Disasters like the earthquake on April 22, 2019, have underscored the urgent need to prepare Metro Manila for earthquakes with epicenters closer to the city. Through this project, the Philippine government is doing just that, by actively increasing the resilience and safety of the population and proactively strengthening its disaster preparedness.

This work is part of the Thematic Area on Climate and Disaster Risk Management for Health Systems at the World Bank’s Global Facility for Disaster Reduction and Recovery (GFDRR), which is funded by the Japan-World Bank Program on Mainstreaming DRM in Developing Countries. The Program collaborates with World Bank teams to assist governments with building more resilient healthcare.

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Secondary cities and towns in the Sahel: Creating places of opportunity

Secondary cities and towns in the Sahel: Creating places of opportunity

Originally published on 4 April 2023 on World Bank



  • Judy Baker, Lead Economist, Urban, Disaster Risk Management, Resilience & Land Global Practice
  • Sylvie Debomy, Practice Manager
  • Soraya Goga, Lead Urban Specialist, Urban, Disaster Risk Management, Resilience & Land Global Practice

Bamako, Mali Bamako, Mali

High levels of poverty coupled with conflict, instability, and climate-induced disasters, make the Sahel a difficult environment for the people that live there.  Challenges from droughts and conflicts are on the rise threatening the livelihoods and food security of a large share of the population, particularly in rural areas. In search of refuge and opportunity, many are moving to cities, which are emerging as centers of resilience offering some glimmer of hope in this difficult environment. Close to five million refugees, asylum-seekers, refugee returnees, internally displaced people (IDP), and IDP returnees are estimated in the Sahel (2022 UNHCR). In Kaya, Burkina Faso, for example, a city of 120,000 (2019), the population has doubled in the previous two years due to an influx of IDP. The city is a securitized urban area, acting as a “last post/last bastion” between Ouagadougou and the conflict areas in the North, providing a safe haven for many.

The growth of cities and towns can bring opportunities through new livelihood opportunities and better access to services if well-planned and managed.  At the same time, the rapid influx of population also presents challenges as cities cannot keep up with the strains on infrastructure and services. Many settle on unsuitable land which puts residents and businesses at risk of climate impacts and the integration of new residents may be threatening to some, creating heightened social risk.  As one migrant in Sikasso put it, “At first, we were offered help. It gave us a real sense of relief. But, as you know, there’s a limit to aid. People did their best … but this couldn’t last forever.”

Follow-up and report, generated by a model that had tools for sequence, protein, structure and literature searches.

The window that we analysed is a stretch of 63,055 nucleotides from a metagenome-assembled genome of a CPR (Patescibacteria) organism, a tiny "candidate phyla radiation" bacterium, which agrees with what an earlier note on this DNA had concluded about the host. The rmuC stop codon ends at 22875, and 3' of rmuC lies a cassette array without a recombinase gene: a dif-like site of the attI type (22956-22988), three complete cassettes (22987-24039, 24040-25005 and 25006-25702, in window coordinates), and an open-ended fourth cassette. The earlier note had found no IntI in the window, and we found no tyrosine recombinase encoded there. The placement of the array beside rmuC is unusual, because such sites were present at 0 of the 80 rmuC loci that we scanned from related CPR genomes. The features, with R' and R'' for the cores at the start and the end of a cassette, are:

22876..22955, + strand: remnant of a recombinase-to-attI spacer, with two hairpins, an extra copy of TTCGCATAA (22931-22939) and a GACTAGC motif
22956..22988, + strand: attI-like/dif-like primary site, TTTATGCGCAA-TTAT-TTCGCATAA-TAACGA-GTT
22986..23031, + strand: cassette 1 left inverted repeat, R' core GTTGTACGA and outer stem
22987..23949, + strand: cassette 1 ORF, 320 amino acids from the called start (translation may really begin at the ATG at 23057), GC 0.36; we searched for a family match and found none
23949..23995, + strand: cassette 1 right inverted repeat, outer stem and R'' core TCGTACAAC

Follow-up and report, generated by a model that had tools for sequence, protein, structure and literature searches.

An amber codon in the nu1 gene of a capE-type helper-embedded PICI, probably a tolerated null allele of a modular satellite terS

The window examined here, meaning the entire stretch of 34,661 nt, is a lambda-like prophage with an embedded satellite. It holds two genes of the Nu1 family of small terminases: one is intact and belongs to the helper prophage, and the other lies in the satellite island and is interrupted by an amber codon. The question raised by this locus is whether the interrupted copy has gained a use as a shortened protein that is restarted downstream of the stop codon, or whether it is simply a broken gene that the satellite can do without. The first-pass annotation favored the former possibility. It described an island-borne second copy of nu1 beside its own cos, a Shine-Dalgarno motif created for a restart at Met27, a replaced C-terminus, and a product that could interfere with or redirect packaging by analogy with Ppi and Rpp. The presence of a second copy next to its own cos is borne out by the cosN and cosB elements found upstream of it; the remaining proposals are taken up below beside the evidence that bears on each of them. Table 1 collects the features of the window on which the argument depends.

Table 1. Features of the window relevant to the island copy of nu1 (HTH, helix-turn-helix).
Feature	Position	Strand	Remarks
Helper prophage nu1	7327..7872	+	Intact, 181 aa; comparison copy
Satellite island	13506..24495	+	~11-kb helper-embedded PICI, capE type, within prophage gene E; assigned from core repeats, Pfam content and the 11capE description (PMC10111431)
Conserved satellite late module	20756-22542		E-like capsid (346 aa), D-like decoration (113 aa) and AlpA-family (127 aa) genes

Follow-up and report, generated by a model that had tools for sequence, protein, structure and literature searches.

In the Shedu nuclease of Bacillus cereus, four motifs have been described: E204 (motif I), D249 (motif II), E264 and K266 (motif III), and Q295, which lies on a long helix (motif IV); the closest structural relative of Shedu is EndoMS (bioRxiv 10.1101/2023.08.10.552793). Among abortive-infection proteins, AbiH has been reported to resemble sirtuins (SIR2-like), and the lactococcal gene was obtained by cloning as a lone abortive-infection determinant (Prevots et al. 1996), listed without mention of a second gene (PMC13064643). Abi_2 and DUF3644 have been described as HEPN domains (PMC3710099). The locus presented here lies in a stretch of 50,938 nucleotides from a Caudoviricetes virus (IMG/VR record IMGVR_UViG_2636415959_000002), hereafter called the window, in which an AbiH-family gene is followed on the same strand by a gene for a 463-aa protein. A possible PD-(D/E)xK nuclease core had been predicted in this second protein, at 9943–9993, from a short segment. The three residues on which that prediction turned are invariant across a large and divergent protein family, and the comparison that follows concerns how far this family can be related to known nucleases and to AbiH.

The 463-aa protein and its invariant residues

The study, Sahel, The Urban Link: Transforming Rural Economies and Addressing Fragility, analyzes the economic potential, fragility, and climate risk of cities/towns in Burkina Faso, Chad, Mali, and Niger, with a deeper look at three selected secondary cities - Kaya, Burkina Faso; Maradi, Niger; and Sikasso, Mali. The study points to the role these urban areas play as economic centers for the surrounding areas, particularly concerning markets and services, also providing opportunities for migrants. Analysis shows that the economic role of these cities is important and could be further developed as many have untapped potential. Border towns stand out across the region as having higher than average economic potential. 

To achieve this potential, urgent investments in secondary cities are needed.  This includes resilient basic infrastructure and services, connectivity, transformative infrastructure, capacity for urban planning and management, and opportunities for microfinance and training that will foster job creation and social inclusion. When designing such interventions, the study points to a few guiding principles and lessons:

  • Interventions should particularly focus on approaches that integrate and address the needs both of the urban area and the hinterland given the strong economic linkages;